In the novel, Frankenstein by Mary W. Shelly, Victor Frankenstein creates a creature. The creature and Victor Frankenstein have conflicts between each other, which is why Robert Walton is necessary to help the reader relate to Frankenstein, by having many of the same attributes are Victor Frankenstein does. Robert Walton has many similar traits to Victor Frankenstein, ultimately helping the reader greater relate to Dr. Frankenstein. Even though Frankenstein is viewed as a monster himself and Walton is considered a normal person. Each man has an attachment with his sister and a desire to conquer the unknown.
He wants to love someone and feel secured by another’s love. He wants to be taken care of, since he has been all alone his whole life. We all no that he clearly has not been a monster his whole life, but he he did become one after Victor Frankenstein rejected him and refuse to see that he has to be a responsible person and own up to his creation forever. His child came into this world being defenseless and helpless. He was born to simply see his father, the person who brought him into this world and the one that was going to love
We will never know if she wrote them like this in order to have some more people like her, even if they were fictional. This would make sense, counting that is this time of the world there was no internet that people could pull out of their pocket to see if anyone was like them. Maybe she thought that she was the only one in the world like this and that no one will ever understand her. Nevertheless the story Frankenstein portrays the main character Victor Frankenstein as a bipolar individual who creates a creature from dead body parts to fill a void of loneliness and when it comes to life he immediately runs from it and tries to forget about it but constantly runs into it throughout the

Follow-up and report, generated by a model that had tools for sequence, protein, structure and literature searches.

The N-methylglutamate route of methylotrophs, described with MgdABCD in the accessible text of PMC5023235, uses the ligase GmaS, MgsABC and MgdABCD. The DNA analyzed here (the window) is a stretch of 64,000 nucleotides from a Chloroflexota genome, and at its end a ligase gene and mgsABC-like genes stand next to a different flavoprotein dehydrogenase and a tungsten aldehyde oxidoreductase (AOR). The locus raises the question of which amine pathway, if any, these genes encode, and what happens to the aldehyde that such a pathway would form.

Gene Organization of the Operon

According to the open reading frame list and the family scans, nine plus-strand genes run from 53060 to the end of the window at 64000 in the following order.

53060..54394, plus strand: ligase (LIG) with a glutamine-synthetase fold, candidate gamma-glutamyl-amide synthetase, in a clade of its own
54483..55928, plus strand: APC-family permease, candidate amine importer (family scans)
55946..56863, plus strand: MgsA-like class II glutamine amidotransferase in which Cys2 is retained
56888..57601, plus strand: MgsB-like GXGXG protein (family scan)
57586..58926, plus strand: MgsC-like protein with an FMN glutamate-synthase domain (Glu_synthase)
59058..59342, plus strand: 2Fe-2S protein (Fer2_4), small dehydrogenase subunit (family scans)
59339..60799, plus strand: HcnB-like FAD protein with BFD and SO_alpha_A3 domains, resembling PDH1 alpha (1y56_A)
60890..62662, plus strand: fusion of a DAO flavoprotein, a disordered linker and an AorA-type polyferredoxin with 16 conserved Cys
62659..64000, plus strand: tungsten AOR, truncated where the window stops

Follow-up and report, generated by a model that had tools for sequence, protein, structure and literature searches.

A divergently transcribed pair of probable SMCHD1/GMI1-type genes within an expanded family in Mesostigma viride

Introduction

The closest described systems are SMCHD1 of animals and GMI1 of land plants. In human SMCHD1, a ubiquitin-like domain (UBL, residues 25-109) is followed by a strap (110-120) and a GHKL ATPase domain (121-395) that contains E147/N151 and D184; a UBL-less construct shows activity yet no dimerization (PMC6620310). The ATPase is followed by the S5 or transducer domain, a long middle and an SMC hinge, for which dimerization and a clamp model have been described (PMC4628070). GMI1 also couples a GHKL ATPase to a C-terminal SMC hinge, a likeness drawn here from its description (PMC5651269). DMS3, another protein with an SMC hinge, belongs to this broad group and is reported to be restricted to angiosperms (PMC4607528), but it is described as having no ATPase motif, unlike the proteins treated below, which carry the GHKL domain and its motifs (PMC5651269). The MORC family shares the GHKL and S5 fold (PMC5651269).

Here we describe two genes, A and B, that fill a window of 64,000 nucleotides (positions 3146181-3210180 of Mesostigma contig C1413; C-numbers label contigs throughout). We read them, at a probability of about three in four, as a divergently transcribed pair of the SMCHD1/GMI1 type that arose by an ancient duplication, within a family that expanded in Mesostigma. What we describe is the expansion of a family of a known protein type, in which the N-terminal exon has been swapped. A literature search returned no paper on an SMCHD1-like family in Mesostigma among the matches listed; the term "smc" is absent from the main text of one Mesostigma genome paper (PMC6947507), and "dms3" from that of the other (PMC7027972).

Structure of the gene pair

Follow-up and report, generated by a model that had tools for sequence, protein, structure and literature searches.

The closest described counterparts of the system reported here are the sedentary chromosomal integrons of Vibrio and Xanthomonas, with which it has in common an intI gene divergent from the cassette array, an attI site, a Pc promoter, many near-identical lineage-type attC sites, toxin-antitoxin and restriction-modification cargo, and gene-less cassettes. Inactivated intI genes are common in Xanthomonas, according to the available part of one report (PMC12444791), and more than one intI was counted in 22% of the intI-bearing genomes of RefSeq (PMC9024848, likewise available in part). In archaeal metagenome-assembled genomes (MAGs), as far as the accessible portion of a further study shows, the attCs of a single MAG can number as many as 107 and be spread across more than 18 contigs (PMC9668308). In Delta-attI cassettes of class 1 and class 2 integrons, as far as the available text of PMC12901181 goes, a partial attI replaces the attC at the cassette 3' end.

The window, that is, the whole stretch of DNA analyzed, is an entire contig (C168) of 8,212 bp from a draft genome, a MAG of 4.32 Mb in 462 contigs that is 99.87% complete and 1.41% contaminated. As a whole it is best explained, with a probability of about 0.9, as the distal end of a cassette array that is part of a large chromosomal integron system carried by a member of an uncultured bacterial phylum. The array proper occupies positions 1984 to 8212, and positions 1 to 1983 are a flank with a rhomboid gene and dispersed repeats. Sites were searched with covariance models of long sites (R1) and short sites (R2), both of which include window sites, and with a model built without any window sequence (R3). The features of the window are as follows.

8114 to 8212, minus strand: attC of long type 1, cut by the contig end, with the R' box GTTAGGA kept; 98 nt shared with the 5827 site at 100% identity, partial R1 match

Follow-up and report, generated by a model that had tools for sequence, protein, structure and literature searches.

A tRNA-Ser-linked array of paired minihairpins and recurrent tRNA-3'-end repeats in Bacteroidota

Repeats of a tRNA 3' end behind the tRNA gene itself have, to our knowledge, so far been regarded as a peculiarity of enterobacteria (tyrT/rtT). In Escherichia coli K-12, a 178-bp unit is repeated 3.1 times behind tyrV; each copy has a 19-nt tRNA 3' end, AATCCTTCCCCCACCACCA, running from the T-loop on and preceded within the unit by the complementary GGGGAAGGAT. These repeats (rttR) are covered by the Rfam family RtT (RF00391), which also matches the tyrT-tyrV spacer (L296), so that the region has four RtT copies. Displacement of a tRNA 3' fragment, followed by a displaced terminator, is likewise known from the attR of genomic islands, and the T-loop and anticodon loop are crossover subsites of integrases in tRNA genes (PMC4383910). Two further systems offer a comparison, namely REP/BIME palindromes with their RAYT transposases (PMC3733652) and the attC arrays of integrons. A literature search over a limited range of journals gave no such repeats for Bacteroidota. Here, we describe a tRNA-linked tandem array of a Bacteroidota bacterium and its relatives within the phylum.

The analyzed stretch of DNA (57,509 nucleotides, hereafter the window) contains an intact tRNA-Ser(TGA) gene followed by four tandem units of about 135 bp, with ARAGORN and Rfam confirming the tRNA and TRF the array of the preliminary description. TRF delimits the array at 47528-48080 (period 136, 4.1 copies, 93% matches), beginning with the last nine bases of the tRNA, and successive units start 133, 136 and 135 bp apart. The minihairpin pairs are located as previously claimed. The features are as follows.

His false portrayal and constant rejection never stopped him from adapting to society, evidently it did turn him down a dark and vengeful path. Just as it did for the Monster. When Frankenstein attempted to join society, he was rejected and chased out due to his differences, but he wasn’t as interested in joining the society as Grendel was. The monster was content staying away from humans until he happened upon the family of
Victor Frankenstein, born with two loving parents unlike the creature. Victor created the Creature then left him because he was disgusted and terrified of what he had created “I rushed out of the room….unable to compose my mind to sleep”( Shelley, 47). the Creature never experienced love because everyone was terrified of him because of his appearance “ He turned on hearing a noise; perceiving me ,...debilitated form hardly appeared capable”( Shelley,89). The Creature ask victor for a companion so he can feel love by someone and so he will not be alone “ My companion must be of the same species, and have the same defects. This being you must create”(Shelley,123).Victoor gets married to Elizabeth and the creature kills her because he does not go through with the plan of creating the Creatures companion “She was there, lifeless and inanimate… torted features half covered by her hair” (Shelley